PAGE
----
Reviewed by Jeffrey B. Remz
lejandro Escovedo has enjoyed life's ups and downs - a lot of the times, the downs seemed to overtake him with serious health and abuse issues. But based on this evening's outing, one must think everything is just great in Esco's universe.
The roots rocker - on this night, Escovedo and his backing band went more for the rock, though other styles certainly were part of the mix - is touring behind his very fine new CD, the autobiographical "Real Animal," an eclectic musical potpourri as well.
Escovedo cuts a somewhat diminutive figure live, but that's only in his physical stature. The fact of the matter is that between his very fine singing and how he puts the songs and his band together, it all works. As he has in the past, Escovedo toured with a string duo of cello and fiddle. The role of Brian Standefer and Susan Veolz respectively became more prominent as the evening went along. Voelz and Escovedo faced off at one point, for example, in a violin vs. guitar duo, and both stood their ground quite well. There was a whole lot of power in those strings.
Long-time guitarist David Pulkingham was stellar on leads, including slide guitar runs, adding a lot of solid fills. Hector Munoz, 23 years and counting as Escovedo's drummer, set a sturdy beat throughout.
As the focal point, Escovedo was in strong form as the band leader and singer. The song selection was superb with Escovedo playing music from or at least about various periods of his career. That meant songs like the somewhat rootsy, but rocking "Always a Friend," the country of "Sister Lost Soul" and the punky intense "Chelsea Hotel '78" and "Sensitive Boys," a song from about his True Believers days and dedicated to fellow band member and brother Javier, to "Rosalie," a Mexican sounding song as part of two songs about his father.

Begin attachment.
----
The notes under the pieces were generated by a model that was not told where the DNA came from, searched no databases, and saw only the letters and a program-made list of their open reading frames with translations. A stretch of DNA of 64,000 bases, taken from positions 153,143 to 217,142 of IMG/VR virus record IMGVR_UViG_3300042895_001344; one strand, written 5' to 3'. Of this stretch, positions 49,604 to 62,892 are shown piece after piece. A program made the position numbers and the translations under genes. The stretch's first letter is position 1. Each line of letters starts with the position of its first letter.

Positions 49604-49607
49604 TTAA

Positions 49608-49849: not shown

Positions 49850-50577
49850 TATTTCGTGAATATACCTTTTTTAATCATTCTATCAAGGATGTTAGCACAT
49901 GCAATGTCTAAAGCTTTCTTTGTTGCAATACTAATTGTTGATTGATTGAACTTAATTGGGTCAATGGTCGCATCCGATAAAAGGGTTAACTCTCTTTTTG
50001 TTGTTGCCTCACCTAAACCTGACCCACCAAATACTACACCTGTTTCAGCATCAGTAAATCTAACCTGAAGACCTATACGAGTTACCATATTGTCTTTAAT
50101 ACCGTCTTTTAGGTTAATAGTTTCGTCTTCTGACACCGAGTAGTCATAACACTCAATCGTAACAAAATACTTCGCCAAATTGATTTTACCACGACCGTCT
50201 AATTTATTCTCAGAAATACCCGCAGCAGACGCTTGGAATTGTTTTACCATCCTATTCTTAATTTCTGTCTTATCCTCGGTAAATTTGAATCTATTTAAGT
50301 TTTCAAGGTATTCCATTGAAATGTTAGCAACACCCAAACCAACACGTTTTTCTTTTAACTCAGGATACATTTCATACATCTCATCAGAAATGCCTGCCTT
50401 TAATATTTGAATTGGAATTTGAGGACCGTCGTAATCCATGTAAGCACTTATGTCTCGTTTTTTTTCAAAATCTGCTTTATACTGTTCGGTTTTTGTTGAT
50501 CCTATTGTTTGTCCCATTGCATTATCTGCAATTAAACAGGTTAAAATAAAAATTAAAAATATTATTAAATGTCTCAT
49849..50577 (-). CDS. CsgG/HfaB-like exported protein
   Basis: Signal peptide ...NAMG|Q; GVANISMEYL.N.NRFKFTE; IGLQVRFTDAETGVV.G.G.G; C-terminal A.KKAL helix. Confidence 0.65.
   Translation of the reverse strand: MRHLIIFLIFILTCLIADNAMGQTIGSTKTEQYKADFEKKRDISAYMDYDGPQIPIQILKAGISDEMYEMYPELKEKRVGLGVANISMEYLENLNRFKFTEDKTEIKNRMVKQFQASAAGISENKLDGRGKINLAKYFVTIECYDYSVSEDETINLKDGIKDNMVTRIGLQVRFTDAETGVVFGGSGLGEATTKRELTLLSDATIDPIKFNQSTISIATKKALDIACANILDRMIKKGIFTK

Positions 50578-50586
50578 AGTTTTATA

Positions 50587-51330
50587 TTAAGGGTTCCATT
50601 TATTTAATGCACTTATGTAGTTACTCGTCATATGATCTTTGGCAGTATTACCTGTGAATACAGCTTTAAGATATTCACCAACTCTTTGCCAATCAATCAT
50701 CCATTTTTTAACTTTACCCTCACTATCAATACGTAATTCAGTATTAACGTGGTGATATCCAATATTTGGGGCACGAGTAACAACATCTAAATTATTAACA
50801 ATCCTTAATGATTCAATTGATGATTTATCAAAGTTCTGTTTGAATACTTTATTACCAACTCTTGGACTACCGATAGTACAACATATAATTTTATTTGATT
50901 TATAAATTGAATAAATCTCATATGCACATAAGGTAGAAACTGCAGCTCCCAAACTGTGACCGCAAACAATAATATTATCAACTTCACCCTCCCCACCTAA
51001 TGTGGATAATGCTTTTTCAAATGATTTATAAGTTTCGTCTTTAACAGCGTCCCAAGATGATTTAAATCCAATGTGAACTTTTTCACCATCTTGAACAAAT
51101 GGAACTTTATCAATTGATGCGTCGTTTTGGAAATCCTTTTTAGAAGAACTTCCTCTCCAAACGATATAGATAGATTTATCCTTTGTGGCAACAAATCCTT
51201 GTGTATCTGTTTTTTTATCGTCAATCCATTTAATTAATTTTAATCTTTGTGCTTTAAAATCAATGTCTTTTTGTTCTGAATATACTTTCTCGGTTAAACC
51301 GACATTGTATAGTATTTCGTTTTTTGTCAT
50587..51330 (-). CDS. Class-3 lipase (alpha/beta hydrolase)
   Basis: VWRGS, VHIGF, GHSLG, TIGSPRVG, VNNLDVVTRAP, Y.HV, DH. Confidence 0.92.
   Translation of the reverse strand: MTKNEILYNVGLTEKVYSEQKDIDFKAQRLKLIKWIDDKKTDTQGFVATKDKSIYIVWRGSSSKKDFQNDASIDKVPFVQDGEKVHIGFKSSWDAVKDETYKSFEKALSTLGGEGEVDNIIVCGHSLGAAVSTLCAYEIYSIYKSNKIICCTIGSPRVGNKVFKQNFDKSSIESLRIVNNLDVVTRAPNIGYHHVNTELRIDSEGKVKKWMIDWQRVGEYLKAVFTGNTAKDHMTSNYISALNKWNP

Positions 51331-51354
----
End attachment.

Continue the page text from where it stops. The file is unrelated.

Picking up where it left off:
Escovedo channeled his best Iggy Pop on "Real As An Animal," a song about Iggy Pop, an artist Escovedo said he loved. He and band rocked out. Escovedo also did not play guitar on this song - the only time during the evening - allowing him to move about the stage and display even more energy.
Escovedo closed his regular set with "Castanets." He recounted that he stopped playing the song once it was reported that it was on President Bush's iPod. "The reason we're doing this song again is we're celebrating the fact he's leaving D.C.," he said, adding, "The only bummer is that he's coming back to Texas." The musicians then tore into the rootsy rocker, which was more rock flavored.
A very energized Escovedo closed the evening with encore covers of "All the Young Dudes" (his producer Tony Visconti also produced this song for David Bowie's version) and the Stones' "Beast of Burden," closing out a very fine, uplifting night.
(Photo of Alejandro Escovedo by Michael Gilman)